The die-hards rejoice, cynics think “ain’t it dead yet” and hopefully lots of fresh Linux lovers will be attracted by the announcement in the ChangeLog.txt of the availability of Slackware 14.1 RC1 (announcement copied in full):
Mon Oct 14 22:09:17 UTC 2013
And with this batch of updates and fixes (clearing the rest of the
important stuff from the TODO list), we have arrived at Slackware 14.1
release candidate 1! Please test and report any remaining issues.
UEFI (with the exception of Secure Boot, which will have to wait until
we have real hardware) should be fully implemented in the installer now,
which will detect and warn about common problems, set up the EFI System
Partition under /boot/efi, and install ELILO and a UEFI boot entry
automatically. There’s a new README_UEFI.TXT file with detailed
instructions for installing 64-bit Slackware on UEFI (32-bit won’t
support native UEFI due to the mismatch between 64-bit UEFI firmware and
a 32-bit kernel, so Legacy BIOS will be the only way to install 32-bit
Slackware on UEFI). Several useful netfilter and networking utilities
have been added (thanks to Robby Workman and /dev/rob0 for these).
With this batch of updates, everything should be considered frozen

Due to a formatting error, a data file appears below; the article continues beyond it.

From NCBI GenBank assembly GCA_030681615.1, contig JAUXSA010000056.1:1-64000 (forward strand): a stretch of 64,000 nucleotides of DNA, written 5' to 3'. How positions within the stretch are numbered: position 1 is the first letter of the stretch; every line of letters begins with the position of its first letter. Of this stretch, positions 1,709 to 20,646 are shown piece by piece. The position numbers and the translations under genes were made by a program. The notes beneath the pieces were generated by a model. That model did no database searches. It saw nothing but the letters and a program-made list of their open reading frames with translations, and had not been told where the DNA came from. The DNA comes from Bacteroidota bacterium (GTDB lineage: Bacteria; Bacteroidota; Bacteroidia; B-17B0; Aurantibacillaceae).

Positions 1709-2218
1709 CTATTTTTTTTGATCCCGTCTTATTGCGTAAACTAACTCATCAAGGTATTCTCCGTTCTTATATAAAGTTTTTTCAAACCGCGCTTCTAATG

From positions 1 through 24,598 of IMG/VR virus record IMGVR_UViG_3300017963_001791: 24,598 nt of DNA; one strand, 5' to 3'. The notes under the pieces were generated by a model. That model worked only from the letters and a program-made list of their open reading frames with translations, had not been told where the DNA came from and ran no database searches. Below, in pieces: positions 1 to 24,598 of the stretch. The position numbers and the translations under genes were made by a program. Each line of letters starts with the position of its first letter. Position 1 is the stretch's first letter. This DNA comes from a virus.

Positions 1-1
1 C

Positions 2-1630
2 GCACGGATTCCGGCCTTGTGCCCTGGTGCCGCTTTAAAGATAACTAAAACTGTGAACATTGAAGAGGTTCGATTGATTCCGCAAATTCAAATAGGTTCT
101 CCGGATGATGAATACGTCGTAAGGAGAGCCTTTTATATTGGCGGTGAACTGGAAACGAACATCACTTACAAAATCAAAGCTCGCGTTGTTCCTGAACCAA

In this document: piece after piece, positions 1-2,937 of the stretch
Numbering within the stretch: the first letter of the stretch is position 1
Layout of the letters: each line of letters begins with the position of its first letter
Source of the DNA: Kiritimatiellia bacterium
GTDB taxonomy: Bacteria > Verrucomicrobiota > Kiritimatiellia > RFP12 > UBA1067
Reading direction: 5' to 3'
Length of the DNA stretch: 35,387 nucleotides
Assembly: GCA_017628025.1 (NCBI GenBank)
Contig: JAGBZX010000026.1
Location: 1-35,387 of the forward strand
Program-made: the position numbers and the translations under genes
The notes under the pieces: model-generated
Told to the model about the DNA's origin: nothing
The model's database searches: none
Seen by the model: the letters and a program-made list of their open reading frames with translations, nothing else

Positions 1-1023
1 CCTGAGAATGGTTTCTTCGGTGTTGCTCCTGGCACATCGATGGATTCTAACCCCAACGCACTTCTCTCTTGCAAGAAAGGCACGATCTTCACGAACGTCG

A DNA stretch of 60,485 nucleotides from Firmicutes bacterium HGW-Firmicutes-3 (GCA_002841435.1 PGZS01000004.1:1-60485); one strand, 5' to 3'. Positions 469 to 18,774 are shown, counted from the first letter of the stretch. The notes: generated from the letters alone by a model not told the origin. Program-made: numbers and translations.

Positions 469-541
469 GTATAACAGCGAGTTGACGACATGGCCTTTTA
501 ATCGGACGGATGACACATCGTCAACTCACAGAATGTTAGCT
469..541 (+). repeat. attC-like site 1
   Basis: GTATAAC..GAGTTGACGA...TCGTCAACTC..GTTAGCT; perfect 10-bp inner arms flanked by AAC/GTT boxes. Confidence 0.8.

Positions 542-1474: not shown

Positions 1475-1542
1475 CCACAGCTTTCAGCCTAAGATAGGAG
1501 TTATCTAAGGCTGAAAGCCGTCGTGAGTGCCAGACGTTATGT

(including the kernel) unless there’s a good reason to change something.
Enjoy! See you all for the release, hopefully soon. 🙂
The DVD ISO images (32-bit and 64-bit) which I create (automatically) for Slackware-current after every update to the ChangeLog.txt are mentioned too in that Distrowatch news blurb, so there’s hope that more people will download one of those (slightly over 2GB in size) and give Slackware a try. And with support for UEFI there are suddenly a lot more computers where Slackware can be installed.
Personally, I think that Slackware 14.1 is going to be another stellar release. It has been maturing a lot: the development cycle has been longer than ever, mostly due to the fact that Patrick wanted UEFI support to work with minimal fussing. And that is hard to achieve when you do not own UEFI hardware. Advantage of all this maturing is that a lot of sofware has been added to the distro, and many existing packages have been upgraded during the past few weeks.
Enjoy this Release Candidate. I am running it (with my own KDE 4.11.2 packages) and is is super solid – as can be expected.
If you are running Slackware 14.0 (or even 13.37 still) and are considering a move to 14.1 after its release, now is the time to check our article about upgrading your system to a new release on the Slackware Documentation Wiki. Be prepared!